Troops get first look at new vehicle

Staring out the windshield of the Army's Mine Resistant Ambush Protected Vehicle is a bit like looking out of a jailhouse window.


A metal cage surrounds the tan behemoth's four sides. These bars are less about keeping people in than keeping explosives out.

Necessitated by the cheap, lethal use of roadside bombs and rocket propelled grenades in Iraq, the MRAP is America's answer to the enemy's most deadly tactic. It is designed to shield troops from blasts and to allow them to move and detonate a roadside bomb from inside the vehicle.

With the end of combat operations in Iraq and the start of a gradual drawdown of troops from Afghanistan later this year, however, the future of the MRAP is uncertain.

Officials have ordered the MRAP to be integrated into the Army's main force, so Maj. Darrell Rasor was standing outside the 54,000-pound armored machine in a Fort Gordon parking lot Monday.

"As we're drawing down forces in Iraq, we're going through the next evolution," said Rasor, a student in the Army's Command and General Staff College. "We've got so many of these vehicles. What do we do with it?"

So far, Rasor's class, which is doing a case study on the MRAP, believes the vehicle could be used to bridge the gap between the Army's Bradley Fighting Vehicle and a more modern troop carrier.

"We need a vehicle in the interim," he said.

This version of the MRAP is called the "Buffalo" and is built in South Carolina by Force Protection Industries Inc.

Abraham White, who works for the contractor, introduces the Buffalo to curious Fort Gordon troops with the enthusiasm of a new-car dealer. Automatic fire-extinguishing systems, rifle holders and a 30-foot, remote-controlled arm nicknamed the "spork" take the place of the leather seating or GPS systems a civilian dealer might highlight.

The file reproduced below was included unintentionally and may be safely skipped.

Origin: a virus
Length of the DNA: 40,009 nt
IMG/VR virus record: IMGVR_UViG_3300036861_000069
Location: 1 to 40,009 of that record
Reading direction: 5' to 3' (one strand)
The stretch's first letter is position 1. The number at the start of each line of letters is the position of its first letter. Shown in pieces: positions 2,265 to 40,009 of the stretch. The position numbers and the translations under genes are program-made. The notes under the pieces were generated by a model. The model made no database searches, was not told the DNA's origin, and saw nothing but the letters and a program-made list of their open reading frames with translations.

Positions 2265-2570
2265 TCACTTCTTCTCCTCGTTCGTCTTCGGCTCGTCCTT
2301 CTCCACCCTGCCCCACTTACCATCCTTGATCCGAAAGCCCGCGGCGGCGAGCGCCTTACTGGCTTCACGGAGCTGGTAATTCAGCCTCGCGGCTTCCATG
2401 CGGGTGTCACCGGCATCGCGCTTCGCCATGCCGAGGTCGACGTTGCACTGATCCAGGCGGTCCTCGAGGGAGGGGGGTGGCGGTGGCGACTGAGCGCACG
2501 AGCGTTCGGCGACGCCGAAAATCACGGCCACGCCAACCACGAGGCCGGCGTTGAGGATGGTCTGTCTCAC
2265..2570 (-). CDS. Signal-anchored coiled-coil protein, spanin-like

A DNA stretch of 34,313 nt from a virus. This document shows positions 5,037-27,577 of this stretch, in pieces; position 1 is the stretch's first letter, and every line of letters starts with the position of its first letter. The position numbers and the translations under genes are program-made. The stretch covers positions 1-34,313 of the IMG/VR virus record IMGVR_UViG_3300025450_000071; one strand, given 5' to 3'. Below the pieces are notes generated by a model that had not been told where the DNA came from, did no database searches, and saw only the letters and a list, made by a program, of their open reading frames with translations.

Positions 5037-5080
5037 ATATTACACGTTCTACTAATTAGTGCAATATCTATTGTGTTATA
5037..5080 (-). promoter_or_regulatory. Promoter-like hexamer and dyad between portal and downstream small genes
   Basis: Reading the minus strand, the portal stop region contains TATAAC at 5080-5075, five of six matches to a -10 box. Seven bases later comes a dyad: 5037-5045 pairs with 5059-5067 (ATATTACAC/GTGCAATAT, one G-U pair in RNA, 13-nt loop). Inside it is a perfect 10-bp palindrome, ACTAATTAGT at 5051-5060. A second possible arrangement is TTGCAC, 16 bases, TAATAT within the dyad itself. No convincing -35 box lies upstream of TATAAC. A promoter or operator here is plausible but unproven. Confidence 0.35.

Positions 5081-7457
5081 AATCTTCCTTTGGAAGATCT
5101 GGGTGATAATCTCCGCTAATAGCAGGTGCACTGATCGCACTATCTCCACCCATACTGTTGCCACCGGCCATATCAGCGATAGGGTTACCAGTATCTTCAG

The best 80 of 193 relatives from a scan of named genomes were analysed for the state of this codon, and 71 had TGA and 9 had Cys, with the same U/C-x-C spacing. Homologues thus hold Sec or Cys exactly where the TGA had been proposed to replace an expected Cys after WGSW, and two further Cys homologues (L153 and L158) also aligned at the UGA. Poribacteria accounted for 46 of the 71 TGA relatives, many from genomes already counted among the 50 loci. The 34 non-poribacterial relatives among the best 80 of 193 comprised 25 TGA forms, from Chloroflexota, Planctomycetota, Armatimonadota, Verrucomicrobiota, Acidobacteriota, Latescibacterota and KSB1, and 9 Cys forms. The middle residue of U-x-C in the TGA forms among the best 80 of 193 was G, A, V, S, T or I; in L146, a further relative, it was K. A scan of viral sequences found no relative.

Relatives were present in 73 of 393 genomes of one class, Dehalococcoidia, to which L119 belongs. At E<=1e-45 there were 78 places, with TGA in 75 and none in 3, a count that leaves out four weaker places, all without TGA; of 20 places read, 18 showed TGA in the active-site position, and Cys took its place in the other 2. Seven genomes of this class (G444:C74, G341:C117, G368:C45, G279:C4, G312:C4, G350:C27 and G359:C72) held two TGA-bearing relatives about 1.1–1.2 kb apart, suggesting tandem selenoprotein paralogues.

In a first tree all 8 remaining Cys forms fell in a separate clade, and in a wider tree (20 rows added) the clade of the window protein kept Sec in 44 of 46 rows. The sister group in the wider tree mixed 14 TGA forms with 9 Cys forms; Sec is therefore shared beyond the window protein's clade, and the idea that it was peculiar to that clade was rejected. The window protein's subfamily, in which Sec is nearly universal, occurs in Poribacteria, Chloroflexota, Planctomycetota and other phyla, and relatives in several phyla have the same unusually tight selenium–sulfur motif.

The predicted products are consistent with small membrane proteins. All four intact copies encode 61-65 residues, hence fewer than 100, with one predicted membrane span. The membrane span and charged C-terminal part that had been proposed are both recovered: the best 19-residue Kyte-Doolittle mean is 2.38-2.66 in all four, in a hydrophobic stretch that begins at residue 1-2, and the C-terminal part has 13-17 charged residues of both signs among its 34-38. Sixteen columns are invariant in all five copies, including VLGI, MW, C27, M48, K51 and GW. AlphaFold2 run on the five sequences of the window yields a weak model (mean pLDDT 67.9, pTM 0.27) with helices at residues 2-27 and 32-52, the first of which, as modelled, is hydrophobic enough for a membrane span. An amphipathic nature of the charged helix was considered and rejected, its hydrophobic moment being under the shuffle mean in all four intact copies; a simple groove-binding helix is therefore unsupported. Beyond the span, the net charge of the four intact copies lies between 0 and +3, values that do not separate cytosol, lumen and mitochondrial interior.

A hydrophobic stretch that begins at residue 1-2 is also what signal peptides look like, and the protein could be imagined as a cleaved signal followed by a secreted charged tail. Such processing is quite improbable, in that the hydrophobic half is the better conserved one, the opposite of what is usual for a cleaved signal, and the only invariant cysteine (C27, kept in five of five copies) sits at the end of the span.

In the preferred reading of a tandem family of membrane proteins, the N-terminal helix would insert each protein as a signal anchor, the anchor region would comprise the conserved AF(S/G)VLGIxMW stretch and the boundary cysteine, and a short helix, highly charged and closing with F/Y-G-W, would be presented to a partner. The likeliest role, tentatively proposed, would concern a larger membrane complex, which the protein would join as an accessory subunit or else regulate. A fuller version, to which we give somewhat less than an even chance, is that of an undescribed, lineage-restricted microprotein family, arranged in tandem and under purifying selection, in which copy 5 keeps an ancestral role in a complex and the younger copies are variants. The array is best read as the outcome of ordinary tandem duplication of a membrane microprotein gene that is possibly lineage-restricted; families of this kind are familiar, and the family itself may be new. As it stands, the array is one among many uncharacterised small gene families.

"This is like the Cadillac of MRAP," White tells them.

The vehicle's 440-horsepower engine is an easy crowd-pleaser.

"We set it at 65 (mph) but it will run 85 or 90 easy," he said, eliciting smiles from the five soldiers seated in the machine's cabin.

Other features of the MRAP aren't as obvious. The whole vehicle has a V-shape hull to direct the force of an explosion -- say, from an improvised explosive device detonated underneath -- away from the soldiers inside.

Six escape hatches, one for each member of the crew, are built into the roof. Spongy, fire-proof padding lines the interior.

The vehicle's remote arm comes equipped with video cameras and a high-powered air gun, which can blow debris off the top of a buried roadside bomb.

Scott Swartzwelter, the Buffalo's program director at Force Protection Industries, said it has built 400 of this particular type of MRAP for the Army. That number will likely rise to 500 by year's end.


The enemy's deadly weapon

Roadside bombs are homemade explosives that are sometimes made out of conventional military explosives.

Often, they are hidden along roads by insurgents. Roadside bombs killed 268 American troops in Afghanistan last year, according to recently released United States defense figures. That is a 60 percent increase over the previous year, which officials attributed to the surge of American forces in the country. In all, 619 U.S. troops have been killed and 5,764 more have been wounded in roadside bomb attacks in Afghanistan since the invasion in October 2001. In all, at least 1,370 troops have been killed there.

Visit Force Protection Industries Inc.'s Web site to learn more about the vehicle: